If you’re self-isolating (for example if you’re over 70, pregnant or have an underlying health condition) but feel well, you can also go outside with the same caveat of keeping your distance from others
If you’re self-isolating because you have symptoms, or someone in your household has them, you shouldn’t leave home but that doesn’t mean you should stop moving. It’s really important to use movement and activity as a way of breaking up your routine, but only if you feel well enough
If you’re unwell, use your energy to get better and don’t try to be active. If you can get out of bed, then do so, but don’t try to do too much
Finally, if you’re feeling better after having had the virus, return to your normal routine very gradually and make sure to have additional rest periods during and after exercise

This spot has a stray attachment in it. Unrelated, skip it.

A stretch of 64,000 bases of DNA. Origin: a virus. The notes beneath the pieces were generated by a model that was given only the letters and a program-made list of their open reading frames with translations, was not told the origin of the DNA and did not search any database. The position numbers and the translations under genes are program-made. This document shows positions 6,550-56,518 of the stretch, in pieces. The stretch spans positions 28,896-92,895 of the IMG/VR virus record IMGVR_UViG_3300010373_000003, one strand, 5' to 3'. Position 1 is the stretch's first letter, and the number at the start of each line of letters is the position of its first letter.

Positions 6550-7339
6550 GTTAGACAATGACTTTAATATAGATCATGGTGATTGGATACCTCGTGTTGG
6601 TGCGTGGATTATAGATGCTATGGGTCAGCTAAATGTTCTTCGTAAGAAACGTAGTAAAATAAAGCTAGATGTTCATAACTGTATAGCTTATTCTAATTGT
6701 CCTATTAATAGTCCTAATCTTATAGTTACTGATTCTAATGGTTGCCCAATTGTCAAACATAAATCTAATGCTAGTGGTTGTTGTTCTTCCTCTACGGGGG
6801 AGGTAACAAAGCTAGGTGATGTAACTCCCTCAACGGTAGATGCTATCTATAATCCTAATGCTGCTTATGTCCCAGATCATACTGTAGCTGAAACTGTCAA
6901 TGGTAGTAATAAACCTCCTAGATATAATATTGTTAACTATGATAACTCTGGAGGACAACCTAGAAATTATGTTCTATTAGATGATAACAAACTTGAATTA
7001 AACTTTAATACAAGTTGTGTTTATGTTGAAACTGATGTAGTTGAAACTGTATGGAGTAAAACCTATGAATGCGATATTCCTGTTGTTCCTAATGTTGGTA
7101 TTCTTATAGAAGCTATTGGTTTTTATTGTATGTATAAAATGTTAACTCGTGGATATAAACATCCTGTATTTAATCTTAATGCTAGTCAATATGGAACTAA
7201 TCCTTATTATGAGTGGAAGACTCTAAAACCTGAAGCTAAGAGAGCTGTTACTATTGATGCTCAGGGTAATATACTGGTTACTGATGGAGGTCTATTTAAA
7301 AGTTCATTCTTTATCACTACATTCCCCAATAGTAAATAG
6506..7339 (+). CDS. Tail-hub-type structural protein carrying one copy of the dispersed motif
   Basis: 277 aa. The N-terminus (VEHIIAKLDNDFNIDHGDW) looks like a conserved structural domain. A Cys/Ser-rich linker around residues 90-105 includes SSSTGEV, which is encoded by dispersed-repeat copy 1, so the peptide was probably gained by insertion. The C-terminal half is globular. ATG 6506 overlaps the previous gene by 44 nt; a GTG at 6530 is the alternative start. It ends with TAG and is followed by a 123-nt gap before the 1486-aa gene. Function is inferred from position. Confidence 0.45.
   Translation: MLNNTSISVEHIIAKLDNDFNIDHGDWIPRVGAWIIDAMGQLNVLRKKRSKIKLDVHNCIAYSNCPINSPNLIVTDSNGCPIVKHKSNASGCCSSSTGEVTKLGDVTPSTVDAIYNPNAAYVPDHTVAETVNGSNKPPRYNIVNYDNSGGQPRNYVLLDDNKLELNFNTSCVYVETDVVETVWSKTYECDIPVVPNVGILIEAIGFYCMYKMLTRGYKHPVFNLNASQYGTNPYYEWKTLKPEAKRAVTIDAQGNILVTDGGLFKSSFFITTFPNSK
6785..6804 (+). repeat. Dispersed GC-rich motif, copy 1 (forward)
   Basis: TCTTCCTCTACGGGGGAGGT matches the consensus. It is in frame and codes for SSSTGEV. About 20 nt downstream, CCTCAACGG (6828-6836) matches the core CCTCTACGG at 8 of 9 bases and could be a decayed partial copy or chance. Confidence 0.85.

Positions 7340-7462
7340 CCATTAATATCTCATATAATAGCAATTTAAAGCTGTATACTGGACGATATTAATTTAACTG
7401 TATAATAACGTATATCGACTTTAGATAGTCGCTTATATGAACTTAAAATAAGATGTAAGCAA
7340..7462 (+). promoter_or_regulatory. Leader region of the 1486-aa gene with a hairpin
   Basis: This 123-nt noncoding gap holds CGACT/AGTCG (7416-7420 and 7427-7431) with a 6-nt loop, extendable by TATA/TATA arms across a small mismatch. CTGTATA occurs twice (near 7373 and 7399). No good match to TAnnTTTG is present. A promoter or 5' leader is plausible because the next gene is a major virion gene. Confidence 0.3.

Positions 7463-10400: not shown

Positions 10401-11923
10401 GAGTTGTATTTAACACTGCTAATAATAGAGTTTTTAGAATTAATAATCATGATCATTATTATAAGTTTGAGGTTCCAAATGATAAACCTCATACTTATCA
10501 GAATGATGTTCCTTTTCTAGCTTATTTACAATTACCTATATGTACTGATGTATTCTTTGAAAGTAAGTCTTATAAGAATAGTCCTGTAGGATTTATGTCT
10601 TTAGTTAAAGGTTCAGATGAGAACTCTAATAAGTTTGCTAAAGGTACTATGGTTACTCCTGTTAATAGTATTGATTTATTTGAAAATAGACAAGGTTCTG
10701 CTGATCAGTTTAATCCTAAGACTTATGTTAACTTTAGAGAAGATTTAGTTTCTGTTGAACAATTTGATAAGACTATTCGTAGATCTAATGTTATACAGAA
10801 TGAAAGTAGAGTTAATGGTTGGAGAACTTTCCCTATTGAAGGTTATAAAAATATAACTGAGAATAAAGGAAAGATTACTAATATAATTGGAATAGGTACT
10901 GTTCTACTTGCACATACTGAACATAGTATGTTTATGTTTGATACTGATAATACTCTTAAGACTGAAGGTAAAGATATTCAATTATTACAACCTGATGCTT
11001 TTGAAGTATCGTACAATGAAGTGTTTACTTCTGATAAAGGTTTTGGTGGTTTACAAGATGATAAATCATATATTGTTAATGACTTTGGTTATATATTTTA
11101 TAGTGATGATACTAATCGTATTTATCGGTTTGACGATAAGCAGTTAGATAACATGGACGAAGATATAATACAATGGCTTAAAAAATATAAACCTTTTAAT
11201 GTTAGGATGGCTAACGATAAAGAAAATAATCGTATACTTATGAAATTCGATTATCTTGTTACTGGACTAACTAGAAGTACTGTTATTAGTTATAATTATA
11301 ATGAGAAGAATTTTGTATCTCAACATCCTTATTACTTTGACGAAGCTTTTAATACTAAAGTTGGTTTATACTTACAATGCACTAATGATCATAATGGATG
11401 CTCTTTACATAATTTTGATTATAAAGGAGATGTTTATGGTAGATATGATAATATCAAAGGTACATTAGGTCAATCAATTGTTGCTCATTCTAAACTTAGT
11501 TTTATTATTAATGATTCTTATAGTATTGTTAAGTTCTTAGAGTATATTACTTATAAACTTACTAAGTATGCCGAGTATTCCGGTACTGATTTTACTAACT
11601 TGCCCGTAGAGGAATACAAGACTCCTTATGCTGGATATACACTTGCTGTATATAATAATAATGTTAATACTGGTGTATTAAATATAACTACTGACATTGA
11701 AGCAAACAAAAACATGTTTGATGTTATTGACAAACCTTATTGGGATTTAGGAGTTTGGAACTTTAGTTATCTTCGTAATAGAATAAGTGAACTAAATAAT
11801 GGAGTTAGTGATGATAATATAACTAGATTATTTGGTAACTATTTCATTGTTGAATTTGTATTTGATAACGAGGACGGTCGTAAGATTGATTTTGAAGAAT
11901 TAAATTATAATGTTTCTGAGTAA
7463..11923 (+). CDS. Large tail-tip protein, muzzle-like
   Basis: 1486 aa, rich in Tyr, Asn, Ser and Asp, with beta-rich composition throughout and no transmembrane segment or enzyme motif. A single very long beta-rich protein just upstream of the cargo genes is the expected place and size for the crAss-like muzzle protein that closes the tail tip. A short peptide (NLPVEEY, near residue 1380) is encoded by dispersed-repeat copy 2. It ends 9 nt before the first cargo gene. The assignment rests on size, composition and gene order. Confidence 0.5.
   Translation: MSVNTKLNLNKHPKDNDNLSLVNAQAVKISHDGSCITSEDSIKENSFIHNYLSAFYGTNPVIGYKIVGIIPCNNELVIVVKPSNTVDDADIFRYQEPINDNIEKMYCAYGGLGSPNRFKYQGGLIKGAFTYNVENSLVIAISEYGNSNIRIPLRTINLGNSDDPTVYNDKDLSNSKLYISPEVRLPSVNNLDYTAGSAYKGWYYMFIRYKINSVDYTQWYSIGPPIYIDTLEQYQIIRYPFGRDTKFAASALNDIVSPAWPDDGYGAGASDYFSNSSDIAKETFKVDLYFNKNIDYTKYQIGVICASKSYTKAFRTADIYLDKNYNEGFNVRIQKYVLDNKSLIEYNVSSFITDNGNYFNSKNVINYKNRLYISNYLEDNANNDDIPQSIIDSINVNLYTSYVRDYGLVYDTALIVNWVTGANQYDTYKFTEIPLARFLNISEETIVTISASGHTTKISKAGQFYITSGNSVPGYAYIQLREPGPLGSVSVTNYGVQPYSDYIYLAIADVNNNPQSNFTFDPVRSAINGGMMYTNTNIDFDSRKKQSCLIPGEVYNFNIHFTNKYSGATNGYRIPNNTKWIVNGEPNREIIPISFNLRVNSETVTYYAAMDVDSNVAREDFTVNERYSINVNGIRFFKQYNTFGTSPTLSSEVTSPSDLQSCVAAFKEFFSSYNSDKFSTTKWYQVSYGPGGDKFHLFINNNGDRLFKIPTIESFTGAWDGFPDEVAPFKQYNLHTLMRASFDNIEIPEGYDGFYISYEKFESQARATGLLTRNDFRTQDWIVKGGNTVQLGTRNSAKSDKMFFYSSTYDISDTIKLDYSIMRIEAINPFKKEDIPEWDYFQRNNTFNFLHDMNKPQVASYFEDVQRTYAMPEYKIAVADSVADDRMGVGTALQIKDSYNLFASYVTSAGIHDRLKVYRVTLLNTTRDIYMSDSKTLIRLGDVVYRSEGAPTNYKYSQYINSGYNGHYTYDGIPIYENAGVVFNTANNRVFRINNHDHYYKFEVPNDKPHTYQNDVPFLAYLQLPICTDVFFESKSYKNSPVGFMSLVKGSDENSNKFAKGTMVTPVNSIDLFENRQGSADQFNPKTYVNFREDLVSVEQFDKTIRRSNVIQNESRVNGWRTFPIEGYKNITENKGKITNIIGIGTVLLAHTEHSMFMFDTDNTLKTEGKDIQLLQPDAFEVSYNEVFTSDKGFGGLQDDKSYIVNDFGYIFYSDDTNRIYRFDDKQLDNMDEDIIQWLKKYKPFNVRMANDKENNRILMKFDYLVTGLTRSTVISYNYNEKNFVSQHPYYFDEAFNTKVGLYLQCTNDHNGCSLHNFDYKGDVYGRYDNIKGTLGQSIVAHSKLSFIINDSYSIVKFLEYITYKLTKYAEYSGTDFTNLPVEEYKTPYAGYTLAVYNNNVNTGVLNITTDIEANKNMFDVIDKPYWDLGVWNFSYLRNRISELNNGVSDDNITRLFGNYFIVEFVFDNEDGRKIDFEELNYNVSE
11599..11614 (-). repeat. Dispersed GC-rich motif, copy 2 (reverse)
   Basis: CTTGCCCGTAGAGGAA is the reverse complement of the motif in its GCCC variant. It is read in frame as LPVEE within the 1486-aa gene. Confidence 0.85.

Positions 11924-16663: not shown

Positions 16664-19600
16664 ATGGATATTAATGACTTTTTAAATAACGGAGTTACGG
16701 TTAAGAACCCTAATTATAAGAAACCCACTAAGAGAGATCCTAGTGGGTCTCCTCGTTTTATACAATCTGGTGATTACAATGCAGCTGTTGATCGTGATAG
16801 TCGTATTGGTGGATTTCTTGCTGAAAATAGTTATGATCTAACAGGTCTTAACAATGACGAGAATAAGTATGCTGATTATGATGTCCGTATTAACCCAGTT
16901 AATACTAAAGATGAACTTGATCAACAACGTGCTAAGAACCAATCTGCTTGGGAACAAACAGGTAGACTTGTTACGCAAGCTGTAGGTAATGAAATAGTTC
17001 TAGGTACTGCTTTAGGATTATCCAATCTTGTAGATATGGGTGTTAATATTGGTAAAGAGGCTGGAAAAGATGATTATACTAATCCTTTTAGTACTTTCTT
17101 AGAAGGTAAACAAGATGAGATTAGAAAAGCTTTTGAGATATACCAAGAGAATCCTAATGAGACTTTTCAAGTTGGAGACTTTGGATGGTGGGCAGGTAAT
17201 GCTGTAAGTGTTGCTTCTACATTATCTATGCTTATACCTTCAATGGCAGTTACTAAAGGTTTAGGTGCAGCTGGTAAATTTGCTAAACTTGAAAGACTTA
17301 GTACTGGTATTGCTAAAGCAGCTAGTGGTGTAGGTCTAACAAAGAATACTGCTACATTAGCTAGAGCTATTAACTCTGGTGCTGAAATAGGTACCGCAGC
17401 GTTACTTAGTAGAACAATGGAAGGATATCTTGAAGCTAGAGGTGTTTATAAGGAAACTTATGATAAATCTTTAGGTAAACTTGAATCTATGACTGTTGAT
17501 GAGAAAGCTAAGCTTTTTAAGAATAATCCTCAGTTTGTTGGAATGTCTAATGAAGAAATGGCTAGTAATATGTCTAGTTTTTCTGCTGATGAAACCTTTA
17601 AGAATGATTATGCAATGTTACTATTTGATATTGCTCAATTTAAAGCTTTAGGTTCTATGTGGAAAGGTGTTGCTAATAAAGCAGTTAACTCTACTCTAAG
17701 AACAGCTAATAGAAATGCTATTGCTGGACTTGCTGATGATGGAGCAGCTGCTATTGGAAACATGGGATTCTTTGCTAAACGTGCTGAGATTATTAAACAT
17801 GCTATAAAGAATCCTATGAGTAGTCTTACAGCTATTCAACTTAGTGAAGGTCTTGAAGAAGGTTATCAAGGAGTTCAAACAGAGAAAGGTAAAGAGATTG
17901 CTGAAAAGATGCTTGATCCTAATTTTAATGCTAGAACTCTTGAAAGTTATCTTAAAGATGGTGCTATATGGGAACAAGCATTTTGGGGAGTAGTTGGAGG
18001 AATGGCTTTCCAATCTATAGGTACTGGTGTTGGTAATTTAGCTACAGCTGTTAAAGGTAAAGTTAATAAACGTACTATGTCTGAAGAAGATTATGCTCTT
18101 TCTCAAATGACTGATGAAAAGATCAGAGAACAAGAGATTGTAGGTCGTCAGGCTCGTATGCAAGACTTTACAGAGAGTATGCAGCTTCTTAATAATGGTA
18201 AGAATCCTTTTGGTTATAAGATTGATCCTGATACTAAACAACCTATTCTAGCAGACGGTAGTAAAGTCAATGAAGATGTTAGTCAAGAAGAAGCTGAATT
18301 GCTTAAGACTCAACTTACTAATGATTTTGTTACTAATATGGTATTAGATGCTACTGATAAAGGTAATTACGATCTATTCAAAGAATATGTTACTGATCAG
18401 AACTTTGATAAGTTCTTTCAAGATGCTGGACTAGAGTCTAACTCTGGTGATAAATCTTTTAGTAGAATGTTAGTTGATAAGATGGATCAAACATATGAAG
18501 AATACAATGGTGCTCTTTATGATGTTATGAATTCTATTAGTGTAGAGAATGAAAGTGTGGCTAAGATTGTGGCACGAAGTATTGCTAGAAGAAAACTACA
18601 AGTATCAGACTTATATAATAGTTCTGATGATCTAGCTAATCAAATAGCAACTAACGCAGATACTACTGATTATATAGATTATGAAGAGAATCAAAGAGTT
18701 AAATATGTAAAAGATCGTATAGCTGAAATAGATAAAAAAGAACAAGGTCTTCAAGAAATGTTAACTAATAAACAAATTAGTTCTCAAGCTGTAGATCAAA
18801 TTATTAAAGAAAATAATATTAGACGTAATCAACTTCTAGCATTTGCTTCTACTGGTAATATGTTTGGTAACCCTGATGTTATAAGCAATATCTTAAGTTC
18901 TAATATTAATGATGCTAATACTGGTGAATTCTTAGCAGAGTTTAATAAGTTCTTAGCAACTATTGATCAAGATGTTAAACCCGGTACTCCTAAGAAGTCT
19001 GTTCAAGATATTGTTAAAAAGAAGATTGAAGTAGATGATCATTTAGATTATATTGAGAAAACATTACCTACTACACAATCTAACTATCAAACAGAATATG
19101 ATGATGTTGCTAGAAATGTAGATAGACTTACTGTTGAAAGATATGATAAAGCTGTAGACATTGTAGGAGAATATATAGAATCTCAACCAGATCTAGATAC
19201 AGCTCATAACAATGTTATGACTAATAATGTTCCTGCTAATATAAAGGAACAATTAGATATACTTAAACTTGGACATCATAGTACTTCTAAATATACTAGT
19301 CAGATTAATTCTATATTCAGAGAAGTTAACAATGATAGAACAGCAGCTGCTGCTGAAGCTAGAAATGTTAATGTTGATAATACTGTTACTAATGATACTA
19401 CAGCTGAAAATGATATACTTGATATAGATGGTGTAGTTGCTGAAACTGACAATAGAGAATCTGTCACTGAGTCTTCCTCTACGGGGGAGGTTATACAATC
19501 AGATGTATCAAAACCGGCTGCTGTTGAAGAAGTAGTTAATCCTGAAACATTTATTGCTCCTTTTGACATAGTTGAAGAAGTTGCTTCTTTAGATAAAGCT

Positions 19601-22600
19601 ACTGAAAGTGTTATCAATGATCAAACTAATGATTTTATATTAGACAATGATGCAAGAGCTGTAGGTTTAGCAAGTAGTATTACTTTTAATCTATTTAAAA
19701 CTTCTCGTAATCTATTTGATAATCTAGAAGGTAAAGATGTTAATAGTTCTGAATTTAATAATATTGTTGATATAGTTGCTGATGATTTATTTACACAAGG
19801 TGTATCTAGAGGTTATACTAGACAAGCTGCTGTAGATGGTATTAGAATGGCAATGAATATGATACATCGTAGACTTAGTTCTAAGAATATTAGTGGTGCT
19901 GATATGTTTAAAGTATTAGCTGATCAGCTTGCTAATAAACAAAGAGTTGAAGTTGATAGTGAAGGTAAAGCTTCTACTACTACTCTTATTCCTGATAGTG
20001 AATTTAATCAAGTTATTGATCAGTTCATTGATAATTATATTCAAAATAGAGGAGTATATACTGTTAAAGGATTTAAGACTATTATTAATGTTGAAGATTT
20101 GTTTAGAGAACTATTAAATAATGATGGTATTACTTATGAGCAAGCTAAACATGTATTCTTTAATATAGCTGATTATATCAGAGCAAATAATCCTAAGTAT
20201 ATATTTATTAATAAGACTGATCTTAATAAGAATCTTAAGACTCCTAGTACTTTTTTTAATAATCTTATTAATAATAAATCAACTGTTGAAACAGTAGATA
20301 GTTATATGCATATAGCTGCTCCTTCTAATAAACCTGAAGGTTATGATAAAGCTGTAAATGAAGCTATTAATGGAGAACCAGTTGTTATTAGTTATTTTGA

Dr Foster, Chair of the UK Chief Medical Officers Expert Committee for Physical Activity, said:
“We know lots of people are keen to better understand the government’s latest advice on how to stay physically active while they’re spending a lot of time at home. This guidance has been written to clearly explain what they can and can’t do during this period.
“It’s really important to use movement and activity as a way of breaking up your routine, if you feel well enough. Cook, play active games, dance, go into the garden if you’ve got one.
“Not only is physical activity good for our health and protects against a range of chronic conditions, it’s also good for our wellbeing which is vitally important at times like this.”